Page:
How do you preserve something that you can’t get?
As we move to the delivery of government information through dynamic web sites (whether “customer” driven or not), we face an increasing problem of preserving that information because we have no direct access to the information that needs to be preserved.

In order to preserve information (even digital information), we require an “instantiation” of that information — a digital object to preserve. In the past, information was instantiated in physical books, pamphlets, maps, journals, posters, and even microfiche, CD-ROMs, and DVDs. Although some government information today is instantiated in PDFs and spreadsheets and even static web pages, government information is increasingly instantiated in databases that are not directly visible to users. When libraries (or GPO) cannot get copies of these databases, they cannot preserve them.

Websites use those databases to present selected information to users who visit web pages or who request information through searches. “Customer-driven” web sites will ensure that two people who make the same query or who visit the same URL will get different information. (To use the FEMA example again, if I live where there was just a flood and you live where there was just a hurricane and we both visit a customer-driven FEMA web site, I’ll get flood information and you’ll get hurricane information.) Web harvesting will be insufficient for preservation under these conditions.

The essential problem here is that, if agencies see their information mission as one of processing transactions with individuals rather than one of creating and delivering preservable instantiations of information, it will be difficult if not impossible for digital preservation to be complete or accurate or successful. Gertrude Stein might say of the lack of access to preservable digital objects, “There is no there there.”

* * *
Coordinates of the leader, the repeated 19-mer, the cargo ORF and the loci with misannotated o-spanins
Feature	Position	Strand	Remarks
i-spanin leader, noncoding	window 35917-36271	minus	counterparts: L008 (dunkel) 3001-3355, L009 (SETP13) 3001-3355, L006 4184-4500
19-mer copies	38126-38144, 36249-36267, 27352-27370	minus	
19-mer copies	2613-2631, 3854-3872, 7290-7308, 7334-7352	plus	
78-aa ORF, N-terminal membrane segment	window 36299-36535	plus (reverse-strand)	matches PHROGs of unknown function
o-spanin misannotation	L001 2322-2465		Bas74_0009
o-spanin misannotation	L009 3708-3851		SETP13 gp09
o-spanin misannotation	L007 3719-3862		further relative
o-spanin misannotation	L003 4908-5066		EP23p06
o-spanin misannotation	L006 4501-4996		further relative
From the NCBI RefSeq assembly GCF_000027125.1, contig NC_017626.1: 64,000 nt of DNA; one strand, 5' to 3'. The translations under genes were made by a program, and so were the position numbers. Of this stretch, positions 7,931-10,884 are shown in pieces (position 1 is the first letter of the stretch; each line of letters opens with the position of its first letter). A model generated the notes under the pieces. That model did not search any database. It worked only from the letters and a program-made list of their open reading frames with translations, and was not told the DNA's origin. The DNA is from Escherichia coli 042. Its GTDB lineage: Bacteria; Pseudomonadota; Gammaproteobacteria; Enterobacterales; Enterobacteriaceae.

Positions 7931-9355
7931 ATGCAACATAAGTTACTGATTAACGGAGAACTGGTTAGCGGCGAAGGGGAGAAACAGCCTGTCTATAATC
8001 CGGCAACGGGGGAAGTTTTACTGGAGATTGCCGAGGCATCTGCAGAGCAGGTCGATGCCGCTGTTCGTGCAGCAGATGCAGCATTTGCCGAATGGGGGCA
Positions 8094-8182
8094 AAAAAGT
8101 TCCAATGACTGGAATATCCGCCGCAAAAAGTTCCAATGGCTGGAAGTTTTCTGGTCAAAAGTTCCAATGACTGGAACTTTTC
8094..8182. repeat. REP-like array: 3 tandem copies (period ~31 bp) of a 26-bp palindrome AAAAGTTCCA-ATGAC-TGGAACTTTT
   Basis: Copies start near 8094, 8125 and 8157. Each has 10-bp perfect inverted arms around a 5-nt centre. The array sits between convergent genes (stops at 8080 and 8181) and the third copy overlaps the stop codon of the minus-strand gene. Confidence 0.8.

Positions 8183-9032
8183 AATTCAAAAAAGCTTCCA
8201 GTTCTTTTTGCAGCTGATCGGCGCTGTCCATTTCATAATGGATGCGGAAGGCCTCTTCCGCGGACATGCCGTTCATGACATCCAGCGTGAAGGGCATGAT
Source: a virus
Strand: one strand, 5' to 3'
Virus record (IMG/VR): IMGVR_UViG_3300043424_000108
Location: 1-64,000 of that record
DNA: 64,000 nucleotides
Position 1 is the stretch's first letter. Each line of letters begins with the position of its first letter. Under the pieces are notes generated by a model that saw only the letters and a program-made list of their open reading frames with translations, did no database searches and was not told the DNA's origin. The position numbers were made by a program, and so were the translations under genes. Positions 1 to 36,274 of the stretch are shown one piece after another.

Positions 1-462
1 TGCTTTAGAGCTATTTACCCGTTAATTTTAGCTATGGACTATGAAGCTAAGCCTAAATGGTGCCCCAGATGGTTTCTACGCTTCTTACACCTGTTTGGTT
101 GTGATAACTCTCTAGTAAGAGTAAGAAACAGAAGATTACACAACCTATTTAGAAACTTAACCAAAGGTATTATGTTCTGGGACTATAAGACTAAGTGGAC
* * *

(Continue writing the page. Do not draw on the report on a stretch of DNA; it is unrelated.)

At FGI, we are not technological determinists. We don’t believe that the existence of software such as Adobe’s CEM will inevitably lead to loss of privacy, harder to find information, and the inability of libraries to preserve digital government information. As noted above, there are circumstances where use of such software could yield better service and make it easier for users to find the information they need. We believe that thoughtful management of digital technologies can result in easier access and new functionalities without sacrificing long-term, free, public access to government information.

We also know, however, that technology is political and that sometimes organizations make bad technological decisions for apparently necessary reasons. Our concern is that agencies are under pressures that could easily lead to bad decisions and that software such as Adobe’s CEM could make it easier to make bad decisions. Specifically, agencies are under pressure to reduce the number of government web sites and to streamline existing websites using new technology-based plans to improve their customer service at the same time that budgets are under increasing stress, open government initiatives are being reduced drastically, and GPO is being hit by big budget cuts.

Our concern is that these pressures will result in bad decisions. We worry that agencies will not add new, much-needed functionality to existing web sites, but will instead replace a citizen-centered model with a customer-center model. We worry that such a substitution will result in a loss of privacy, a loss in information-based functionality in favor of product-based functionality, and that all of this will make it even harder than it is already to preserve digital government information.

We agree with OMB Watch that information is a customer service and hope that agencies will keep this in mind when they make their information-technology decisions. But we worry that hard-pressed agencies will not.